Nescot’s Creative Media students broadcast their own talk shows this week, live from the college’s television studio.
Second-year students on the Level 3 Film and Broadcasting qualification worked in two crews to create their 20-minute programmes, each anchored by a presenter and featuring three pre-recorded sections.
One show focussed on current affairs, including domestic politics and the cost of living crisis, while the other was themed around Halloween.
“We designed this project to replicate what our students will be doing in the industry,” said Louise Gaskin, Nescot’s Head of Creative Arts.
“It’s a great way of bringing together the technical skills our students have developed already, as well as giving them the opportunity to use new equipment, like our industry-standard vision mixer.
“The project is also planned as a way of introducing students to a different working environment, so that they can learn more about the roles involved and the skills they will need.”
One crew went live today (Thursday), amending their current affairs show Never Mind the Politics at the last minute following the resignation of Liz Truss as Prime Minster.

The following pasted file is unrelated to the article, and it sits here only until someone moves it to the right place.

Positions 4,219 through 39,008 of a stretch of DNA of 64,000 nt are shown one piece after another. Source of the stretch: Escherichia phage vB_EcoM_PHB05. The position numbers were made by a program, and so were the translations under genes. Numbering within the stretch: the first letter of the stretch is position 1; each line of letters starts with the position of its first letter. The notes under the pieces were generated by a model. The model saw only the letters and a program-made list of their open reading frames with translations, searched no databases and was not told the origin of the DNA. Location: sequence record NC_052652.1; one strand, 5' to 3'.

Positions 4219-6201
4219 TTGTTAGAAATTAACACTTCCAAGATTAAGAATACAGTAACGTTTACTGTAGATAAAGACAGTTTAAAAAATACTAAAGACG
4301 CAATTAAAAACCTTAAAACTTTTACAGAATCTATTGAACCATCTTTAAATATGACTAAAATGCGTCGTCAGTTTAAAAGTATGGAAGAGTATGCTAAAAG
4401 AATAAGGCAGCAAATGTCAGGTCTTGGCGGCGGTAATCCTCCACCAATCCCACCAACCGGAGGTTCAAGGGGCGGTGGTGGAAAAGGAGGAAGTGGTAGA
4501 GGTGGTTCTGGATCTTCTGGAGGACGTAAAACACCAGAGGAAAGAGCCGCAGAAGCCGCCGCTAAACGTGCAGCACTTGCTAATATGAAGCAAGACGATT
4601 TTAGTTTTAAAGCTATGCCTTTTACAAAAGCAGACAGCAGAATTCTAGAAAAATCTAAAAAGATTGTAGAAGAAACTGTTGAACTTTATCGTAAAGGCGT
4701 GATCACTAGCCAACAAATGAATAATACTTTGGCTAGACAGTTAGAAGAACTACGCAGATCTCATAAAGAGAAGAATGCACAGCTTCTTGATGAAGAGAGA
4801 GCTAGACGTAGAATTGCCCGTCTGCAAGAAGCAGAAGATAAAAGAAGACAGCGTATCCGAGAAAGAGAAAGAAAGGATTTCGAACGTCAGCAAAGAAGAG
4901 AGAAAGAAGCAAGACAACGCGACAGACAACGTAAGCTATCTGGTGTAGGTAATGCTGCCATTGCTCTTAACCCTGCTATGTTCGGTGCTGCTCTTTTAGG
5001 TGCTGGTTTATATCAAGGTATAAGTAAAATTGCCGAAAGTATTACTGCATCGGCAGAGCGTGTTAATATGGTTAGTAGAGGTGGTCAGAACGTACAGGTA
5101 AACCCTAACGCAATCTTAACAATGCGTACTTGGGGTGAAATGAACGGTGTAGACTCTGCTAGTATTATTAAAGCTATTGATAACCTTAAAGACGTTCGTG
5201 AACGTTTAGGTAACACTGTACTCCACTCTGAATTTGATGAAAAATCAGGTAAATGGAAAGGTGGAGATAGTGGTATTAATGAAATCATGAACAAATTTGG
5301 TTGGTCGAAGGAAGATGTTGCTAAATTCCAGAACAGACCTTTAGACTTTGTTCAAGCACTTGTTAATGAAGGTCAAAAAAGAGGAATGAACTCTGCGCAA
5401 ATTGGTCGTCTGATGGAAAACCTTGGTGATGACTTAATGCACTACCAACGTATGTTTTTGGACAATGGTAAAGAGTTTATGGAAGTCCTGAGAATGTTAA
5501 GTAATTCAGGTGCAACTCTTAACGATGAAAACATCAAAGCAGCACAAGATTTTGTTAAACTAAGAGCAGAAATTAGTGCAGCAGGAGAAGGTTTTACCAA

The other group broadcast their Halloween-themed show yesterday, with their pre-recorded sections including a parkour chase and spooky baking.
The teams were tutored by teachers including Jess Taylor, a former Nescot student who won silver in WorldSkills UK and who has worked on live television shows including The X-Factor.
Student Adam Rose, who is currently preparing to represent Nescot in the national WorldSkills UK final next month, said he had learnt a lot from his role as graphic designer in the project.
“I used Adobe After Effects to do the visual effects and motion graphics,” he said. “I haven’t used it before, but the teachers showed me how it works. It’s a really useful skill to have.”
Kaiya Jackson, who is also preparing for WorldSkills UK, took the role of producer for her team, and said the project has taught her a lot about the television industry.
“I really liked the project, because it was a good mix of improving the things we can already do, like operating a camera, as well as learning new things,” she said.
“The broadcast didn’t go totally to plan, but the tutors helped us see how that was actually a useful experience, because you learn to think on your feet and that makes you feel more confident.”